by Lina Vergara Huilcamán

Photo © Lina Vergara Huilcamán

Photo © Lina Vergara Huilcamán

this summer I visited a small village in the Lacandon jungle in Chiapas. Mexico. and I was lucky enough to meet this gentleman. I am transcribing here an excerpt of our conversation. in the hope that his words will be meaningful for you too. or at least will prompt some considerations. about our lives. about money. about the “comforts” of our existences.

up until forty years ago there was not peso1. not one. I worked to eat. I did not need pesos to eat. to live. only work. what I sowed I ate. I sowed and ate. to pay my wife I worked for her father. many years. I built houses for him. with my wife we worked in the fields from six in the morning to the afternoon. all day. under the sun. not like now that at noon they say it is too hot. we worked and stop. because if you work you eat. my grandfather too told me that. if you do not work you do not eat. you can steal. but then you are sent to jail.
I can live without pesos. I go to the mountain and sow. fish in the river. find caracoles2. hunt. I do not need pesos. now everyone needs pesos. to buy clothes. watch. shoes. computer. car. the more pesos the more you buy. I always tell my wife. we do not need pesos. we work. we can go to the jungle and sow our tomates3. pumpkin. our fruit. corn. potatoes.
at night I still go to the mountain. that way. to hunt. jabalies4. venado5. to eat. I walk even twelve. fourteen hours. in the dark.
I do not need light. I go with my dog and hunt. with my rifle. before with arrows. but with rifle it is easier. and I always find jaguar. and he does not touch me. because I do not move. I stay. if you run then he eats you. because he thinks you food. food flees. runs. I stay and wait for him to go away. I am not scared. I know that I have to stay. and so I go back home with my wild pig and we eat two months.
I cook it and store it. so it does not rot.
fruit as well. you see the papaya tree? when they ripe we take them and prepare them. to eat. sweet. good. all the fruit. now they drink tequila to get drunk. with my father in law we prepared when we wanted to get drunk. with fruit honey and water. cooked it. two weeks. and then we got drunk. i did not need pesos. this house too do you see the roof? made of palm leaves. I built it. it lasts about thirty-five years. or forty. and it is not like foil roof. with the palms it is not hot. and when it rains it is quiet. with the foil roof a lot of noise (he holds his head in his hands). with the palm no noise instead. and no water. the roof is tall because we put our corn. our crop. I cannot leave the corn in the milpa6. raccoons love corn. birds. many animals come and eat my corn. I need to protect it. to eat.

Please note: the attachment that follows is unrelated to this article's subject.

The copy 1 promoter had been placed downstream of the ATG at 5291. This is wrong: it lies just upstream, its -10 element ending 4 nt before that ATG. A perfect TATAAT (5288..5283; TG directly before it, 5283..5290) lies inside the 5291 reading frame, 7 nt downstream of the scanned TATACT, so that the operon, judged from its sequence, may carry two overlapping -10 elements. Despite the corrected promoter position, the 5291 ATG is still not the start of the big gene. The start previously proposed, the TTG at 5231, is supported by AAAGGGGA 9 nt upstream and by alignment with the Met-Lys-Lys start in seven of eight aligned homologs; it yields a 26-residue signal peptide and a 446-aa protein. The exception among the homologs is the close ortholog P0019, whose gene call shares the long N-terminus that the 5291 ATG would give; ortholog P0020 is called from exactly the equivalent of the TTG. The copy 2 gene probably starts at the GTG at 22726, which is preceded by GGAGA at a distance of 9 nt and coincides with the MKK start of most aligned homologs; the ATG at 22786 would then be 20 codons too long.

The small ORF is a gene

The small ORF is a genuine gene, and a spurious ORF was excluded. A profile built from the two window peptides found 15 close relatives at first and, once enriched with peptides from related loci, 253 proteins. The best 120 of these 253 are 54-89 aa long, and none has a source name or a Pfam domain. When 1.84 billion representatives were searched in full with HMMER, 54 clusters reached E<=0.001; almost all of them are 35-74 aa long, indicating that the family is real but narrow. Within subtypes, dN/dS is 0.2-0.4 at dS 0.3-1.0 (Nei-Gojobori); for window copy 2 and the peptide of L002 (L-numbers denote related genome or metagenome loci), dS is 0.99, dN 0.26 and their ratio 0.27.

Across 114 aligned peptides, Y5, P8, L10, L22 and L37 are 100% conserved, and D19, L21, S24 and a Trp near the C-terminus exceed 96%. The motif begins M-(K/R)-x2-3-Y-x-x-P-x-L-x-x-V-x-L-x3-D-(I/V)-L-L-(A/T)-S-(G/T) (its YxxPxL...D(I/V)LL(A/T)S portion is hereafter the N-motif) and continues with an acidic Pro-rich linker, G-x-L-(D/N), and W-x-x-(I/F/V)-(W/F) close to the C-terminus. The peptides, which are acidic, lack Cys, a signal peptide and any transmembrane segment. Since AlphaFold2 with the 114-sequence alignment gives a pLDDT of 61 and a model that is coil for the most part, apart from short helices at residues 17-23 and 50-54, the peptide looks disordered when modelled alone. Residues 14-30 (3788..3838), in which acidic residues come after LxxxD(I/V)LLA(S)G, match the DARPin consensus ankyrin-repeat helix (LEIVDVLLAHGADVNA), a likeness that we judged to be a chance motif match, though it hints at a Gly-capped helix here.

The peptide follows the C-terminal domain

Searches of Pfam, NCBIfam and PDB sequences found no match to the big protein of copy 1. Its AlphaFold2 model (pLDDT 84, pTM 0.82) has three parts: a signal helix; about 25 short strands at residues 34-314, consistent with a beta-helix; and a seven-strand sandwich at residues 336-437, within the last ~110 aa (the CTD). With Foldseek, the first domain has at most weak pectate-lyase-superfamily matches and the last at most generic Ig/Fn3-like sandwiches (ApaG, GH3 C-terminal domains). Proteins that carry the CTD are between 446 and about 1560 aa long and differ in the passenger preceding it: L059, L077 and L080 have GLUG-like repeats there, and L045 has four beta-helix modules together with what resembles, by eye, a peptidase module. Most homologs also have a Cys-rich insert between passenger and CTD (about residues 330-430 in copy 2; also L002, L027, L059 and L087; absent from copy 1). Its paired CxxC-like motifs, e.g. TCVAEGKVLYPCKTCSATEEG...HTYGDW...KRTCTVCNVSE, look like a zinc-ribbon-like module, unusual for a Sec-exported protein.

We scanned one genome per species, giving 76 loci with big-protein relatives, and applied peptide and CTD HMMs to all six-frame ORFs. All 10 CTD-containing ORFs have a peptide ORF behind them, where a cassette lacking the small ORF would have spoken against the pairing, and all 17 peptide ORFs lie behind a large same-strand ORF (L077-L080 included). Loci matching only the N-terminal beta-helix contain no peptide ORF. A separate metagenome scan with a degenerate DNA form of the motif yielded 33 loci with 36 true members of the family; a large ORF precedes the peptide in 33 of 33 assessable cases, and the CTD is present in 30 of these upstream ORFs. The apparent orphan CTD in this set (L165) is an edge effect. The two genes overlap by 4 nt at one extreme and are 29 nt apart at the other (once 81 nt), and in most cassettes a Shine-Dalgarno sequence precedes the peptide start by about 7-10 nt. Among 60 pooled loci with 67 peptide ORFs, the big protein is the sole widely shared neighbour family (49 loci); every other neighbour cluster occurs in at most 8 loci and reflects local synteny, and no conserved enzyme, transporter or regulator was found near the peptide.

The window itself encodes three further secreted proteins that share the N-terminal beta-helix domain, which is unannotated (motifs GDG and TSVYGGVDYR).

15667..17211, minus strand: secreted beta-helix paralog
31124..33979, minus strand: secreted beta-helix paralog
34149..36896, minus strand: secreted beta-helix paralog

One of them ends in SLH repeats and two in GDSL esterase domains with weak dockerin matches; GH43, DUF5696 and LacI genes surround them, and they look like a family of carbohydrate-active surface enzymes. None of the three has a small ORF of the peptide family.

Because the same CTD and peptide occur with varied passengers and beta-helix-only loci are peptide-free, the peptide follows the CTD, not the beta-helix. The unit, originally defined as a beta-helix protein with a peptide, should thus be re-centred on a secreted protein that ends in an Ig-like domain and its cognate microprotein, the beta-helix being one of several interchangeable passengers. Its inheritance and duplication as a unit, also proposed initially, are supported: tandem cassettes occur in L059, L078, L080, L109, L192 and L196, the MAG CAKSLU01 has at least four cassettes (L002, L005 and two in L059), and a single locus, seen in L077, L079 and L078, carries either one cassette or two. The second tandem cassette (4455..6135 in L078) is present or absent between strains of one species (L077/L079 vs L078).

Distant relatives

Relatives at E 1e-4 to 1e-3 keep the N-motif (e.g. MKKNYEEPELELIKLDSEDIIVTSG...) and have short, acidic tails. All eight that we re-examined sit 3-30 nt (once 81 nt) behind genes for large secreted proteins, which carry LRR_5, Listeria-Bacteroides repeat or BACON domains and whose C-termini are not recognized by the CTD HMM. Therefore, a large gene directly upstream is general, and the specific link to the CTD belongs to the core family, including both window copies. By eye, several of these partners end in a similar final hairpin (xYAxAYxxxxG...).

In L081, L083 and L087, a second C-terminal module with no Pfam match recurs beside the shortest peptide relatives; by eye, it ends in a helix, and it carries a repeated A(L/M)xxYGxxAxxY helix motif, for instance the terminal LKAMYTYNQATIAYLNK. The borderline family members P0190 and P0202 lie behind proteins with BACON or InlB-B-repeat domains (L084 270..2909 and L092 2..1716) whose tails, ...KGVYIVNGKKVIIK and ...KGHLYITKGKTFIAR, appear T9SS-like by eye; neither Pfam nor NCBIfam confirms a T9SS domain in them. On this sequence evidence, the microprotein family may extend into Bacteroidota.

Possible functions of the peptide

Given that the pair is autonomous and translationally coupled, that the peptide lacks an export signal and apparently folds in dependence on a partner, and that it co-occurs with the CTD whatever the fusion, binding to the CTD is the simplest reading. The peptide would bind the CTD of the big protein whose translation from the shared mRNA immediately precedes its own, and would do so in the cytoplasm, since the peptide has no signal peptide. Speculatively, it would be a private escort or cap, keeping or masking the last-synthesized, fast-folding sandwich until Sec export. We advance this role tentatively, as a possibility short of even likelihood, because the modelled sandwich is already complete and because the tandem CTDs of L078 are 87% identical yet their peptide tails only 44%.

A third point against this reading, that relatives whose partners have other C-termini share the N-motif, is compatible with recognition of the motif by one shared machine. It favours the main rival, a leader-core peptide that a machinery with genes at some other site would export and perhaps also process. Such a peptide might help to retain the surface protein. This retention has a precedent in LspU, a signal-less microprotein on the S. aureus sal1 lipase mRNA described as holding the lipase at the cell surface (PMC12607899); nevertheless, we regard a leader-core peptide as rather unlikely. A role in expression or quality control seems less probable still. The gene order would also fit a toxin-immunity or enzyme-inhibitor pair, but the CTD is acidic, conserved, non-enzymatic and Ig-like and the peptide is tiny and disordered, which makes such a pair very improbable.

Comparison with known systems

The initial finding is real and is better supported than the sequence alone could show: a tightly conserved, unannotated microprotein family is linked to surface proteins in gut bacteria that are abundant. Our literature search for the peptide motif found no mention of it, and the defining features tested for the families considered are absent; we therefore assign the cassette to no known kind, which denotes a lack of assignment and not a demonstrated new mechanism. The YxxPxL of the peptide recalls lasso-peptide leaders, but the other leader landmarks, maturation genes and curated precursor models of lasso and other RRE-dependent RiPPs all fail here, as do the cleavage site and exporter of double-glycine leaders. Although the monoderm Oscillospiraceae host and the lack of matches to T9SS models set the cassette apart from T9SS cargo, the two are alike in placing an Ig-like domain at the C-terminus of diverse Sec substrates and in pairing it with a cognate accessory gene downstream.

I cannot read. I cannot write. I did not learn. when I was young nobody was teaching. I speak Maya. but I learned Spanish. I can speak Spanish. now I am old. I am sixty-six. I had only two sons. one died. other son gave me four grandchildren. my wife is fifty-six. my grandfather died at one hundred forty. he taught me animals are like people. they have their houses. they cook their tortillas. they have their things. like us. we must not kill them. just one. to eat. and not every day. he told me that one day he was transformed into a jaguar. and he saw that jaguar is like a person. with his home. his things. and that he kills only when he is hungry. not every day. jaguar is like a person.
I will not live like my grandfather. because my grandfather did not eat salt. seasoning. no olive oil. no fried food. he wrapped meat in leaves and cooked it. with nothing. he wrapped vegetables and cooked them. and ate them. beans. alike. without salt. only red pepper. he ate frijoles7. corn. fruit. sweet potatoes. I will not live like my grandfather. I am already sick. because I like tasty food. with salt. oil. I like fried food. now we have french fries. soft drinks. everything changed. like computers. the kids are here all day with internet. I am not. I do not know. I can only use the phone. push the numbers and call. now everything changed.

The Lacandon are one of the Maya indigenous peoples, composed by roughly 400 members, who mainly live in the forest of the southeastern Mexican state of Chiapas (however up until 1854 that area belonged to Guatemala). The forest where they live is known as Lacandon jungle.

1. peso: Mexican currency
2. caracoles: snails
3. tomates: tomatoes
4. jabalies: wild pigs -
5. venado: deer
6. milpa: small cultivated field
7. frijoles: beans